N Sarma, S Agnihotri, N Jeebun
dermoid cyst, ovary, schistosoma hematobium
N Sarma, S Agnihotri, N Jeebun. Incidental Schistosomiasis In A Dermoid Cyst Of The Ovary: A Case Report. The Internet Journal of Parasitic Diseases. 2007 Volume 3 Number 1.
Schistosomial infestation of the female genital system is uncommon and involvement of ovaries is even rarer. Incidental schistosomiasis of various ovarian lesions have been cited in the literature. A case of schistosomiasis of the dermoid cyst of the ovary is presented to highlight the rare occurrence of this lesion.
The Schistosomes are the most important of the trematodes that infect humans, not only because of the morbidity and the mortality they produce, but also because of the sheer number of infected people worldwide1. The Schistosoma hematobium species colonizes the venules of the pelvic venous plexuses draining the Urinary bladder, less commonly the female genital system, and the veins of the lower sigmoid and rectum2.
Schistosomiasis of the female genital tract is common in some areas of Africa3. Female
Genital schistosomiasis is a neglected disease manifestation of infection. Schistosoma may affect cervix, vagina, vulva, fallopian tubes and ovaries. Infertility, ectopic pregnancies,abortion, ovarian cysts and cervicitis are described sequelae of infection. The presence of Schistosoma eggs in a teratoma of the ovary is a very rare occurrence. Only 4 such cases appear to have been documented in the world literature4,5,6,7. We present here a case of incidental finding of Schistosoma hematobium eggs in a benign cystic teratoma of the ovary because of it's rarity.
A 28 year old female presented with dull aching pain in the left lower abdomen of two months duration. The pain was not related with change in posture or menstruation. The patient was married with two children. Physical examination did not reveal any significant findings but for a suspicious mass in the left iliac fossa. There were no significant obstetric or gynecological symptoms or findings attributable to this mass. Ultrasound examination suggested a cystic mass of the left ovary measuring about 7X4 cms. Right ovary was normal. A provisional diagnosis of dermoid cyst of the ovary was made. The ovarian mass was excised and sent for histopathological examination.
The mass received was well circumscribed, smooth, grayish brown, cystic and measured 7X4X3cms. On opening, the mass showed unilocular cystic appearance containing grayish putty like material entangled with plenty of hair. The inner surface of the cyst wall was rough, grayish brown with hair protruding at places. In one area there was a small firm to hard elevated protrusion into the cyst cavity which measured 0.8X0.5 cms.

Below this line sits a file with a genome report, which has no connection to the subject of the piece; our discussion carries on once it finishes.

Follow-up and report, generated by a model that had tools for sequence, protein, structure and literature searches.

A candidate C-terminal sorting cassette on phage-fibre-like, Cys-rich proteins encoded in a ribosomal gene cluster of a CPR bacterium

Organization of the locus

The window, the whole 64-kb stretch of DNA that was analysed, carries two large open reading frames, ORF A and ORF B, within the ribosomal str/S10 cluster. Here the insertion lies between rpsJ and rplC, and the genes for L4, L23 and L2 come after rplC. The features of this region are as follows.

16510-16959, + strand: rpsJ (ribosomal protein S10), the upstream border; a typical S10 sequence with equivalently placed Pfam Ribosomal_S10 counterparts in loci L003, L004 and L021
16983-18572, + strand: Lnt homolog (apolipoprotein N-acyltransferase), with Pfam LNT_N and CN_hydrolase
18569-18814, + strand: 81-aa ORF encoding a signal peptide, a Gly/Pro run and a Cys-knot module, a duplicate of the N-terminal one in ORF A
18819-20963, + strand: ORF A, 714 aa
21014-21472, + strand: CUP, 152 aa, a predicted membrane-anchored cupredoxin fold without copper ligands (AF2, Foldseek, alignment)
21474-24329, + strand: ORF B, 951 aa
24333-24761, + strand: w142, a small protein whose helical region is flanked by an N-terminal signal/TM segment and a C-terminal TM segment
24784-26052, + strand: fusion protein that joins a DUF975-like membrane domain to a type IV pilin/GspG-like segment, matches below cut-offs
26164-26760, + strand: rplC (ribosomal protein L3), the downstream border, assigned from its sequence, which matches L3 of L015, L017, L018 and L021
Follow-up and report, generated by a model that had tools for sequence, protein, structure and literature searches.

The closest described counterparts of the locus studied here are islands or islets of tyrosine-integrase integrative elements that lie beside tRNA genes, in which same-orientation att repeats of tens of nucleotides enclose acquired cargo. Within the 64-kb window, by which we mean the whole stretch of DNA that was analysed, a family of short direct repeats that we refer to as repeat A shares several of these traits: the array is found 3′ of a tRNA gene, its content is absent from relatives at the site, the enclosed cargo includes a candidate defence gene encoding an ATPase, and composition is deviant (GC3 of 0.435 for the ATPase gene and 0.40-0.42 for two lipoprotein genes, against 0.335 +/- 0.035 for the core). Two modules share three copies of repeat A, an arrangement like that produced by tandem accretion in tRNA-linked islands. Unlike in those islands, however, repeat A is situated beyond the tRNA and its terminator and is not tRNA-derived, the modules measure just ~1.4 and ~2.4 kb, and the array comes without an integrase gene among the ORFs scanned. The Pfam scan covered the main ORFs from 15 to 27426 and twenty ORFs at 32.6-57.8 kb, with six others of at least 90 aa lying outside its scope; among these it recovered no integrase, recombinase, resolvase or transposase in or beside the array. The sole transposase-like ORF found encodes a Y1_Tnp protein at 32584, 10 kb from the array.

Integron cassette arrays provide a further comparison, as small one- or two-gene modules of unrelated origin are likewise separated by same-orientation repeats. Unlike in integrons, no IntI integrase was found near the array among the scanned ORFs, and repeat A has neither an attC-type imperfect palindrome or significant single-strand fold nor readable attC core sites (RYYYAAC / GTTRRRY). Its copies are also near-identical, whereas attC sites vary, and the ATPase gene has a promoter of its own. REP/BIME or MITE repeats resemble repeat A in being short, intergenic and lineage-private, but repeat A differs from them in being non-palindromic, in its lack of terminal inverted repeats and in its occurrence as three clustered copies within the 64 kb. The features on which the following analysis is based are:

Multiple sections taken from the cyst wall and the firm to hard area revealed the characteristic features consistent with dermoid cyst of the ovary(fig.1).
In addition to these findings there were S. Hematobium eggs scattered through out and seen exclusively in the dermis and the subcutaneous fat. Some of these eggs were calcified and foci of moderate inflammatory infiltrate was seen through out(fig.2,3). Adult parasite was not identified.
Schistosomiasis is a helmenthic parasitic infection afflicting about 250 million people around the world 8. Female genital schistosomiasis was described for the first time in a young Egyptian woman more than a century ago9. Female genital schistosomiasis is a neglected disease manifestation of Schistosomiasis. According to postmortem and histopathological examination studies the frequency of female genital schistosomiasis in the upper reproductive tract ranges from 2 percent to 83 percent10. In the lower reproductive tract the prevalence is 33 percent to 75 percent11. In one study conducted over a period of 12 years showed the varied distribution of genital Schistosomiasis as follows: Ovary 21%,Fallopian tube 16%,Uterine cervix 42%,Vulva,Vagina and Clitoris 21% 12.
Various pathological processes of the ovary are seen to be associated with Schistosomiasis, such as oopheritis, ovarian cyst, hilar obstruction and para ovarian adhesions and granulomatous lesions. These lesions can be responsible for anovulation leading to infertility13.In our study the patient presented with the mass without any finding suggestive of the pathological processes mentioned above.
There are only four reports of Schistosoma hematobium eggs being found in a teratoma of the Ovary 4, 5, 6, 7. In all these cases the finding of Schistosoma eggs was considered as incidental finding than as causative finding. There is no evidence so far to say that schistosomiasis can be a pathogenic factor in the development of teratoma of the ovary. In the present study also the finding of Schistosoma eggs appear to be an incidental finding and the patient did not have any indication of schistosoma infection in other locations of the genital tract.
Recently female genital schistosomiasis has been described wherein there was no involvement of Urinary bladder and Ureters. In this community based study from Africa 30-75% of the women infected with Schistosoma hematobium had egg associated lesions in the lower genital tract14.
Genital Schistosomiasis is nearly always caused by S. Hematobium and usually is a complication of Schistosomiasis of the Urinary bladder and Intestine. In the present study also the eggs found in dermoid cyst of the ovary were Schistosoma hematobium eggs.
Diagnosis of genital schistosomiasis is essential as it often and easily goes unnoticed or undetected. Genital Schistosomiasis adds to the disease burden of women of all age groups. Incidental findings like in the present one should alert the physician and the community health worker to conduct regular reproductive health checkup so that no case of Schistosomiasis should go undetected and thus untreated.
DR.N.HARIHARANADHA SARMA.M.D, PROFESSOR OF PATHOLOGY SSR MEDICAL COLLEGE BELLE RIVE MAURITIUS. e-mail: firstname.lastname@example.org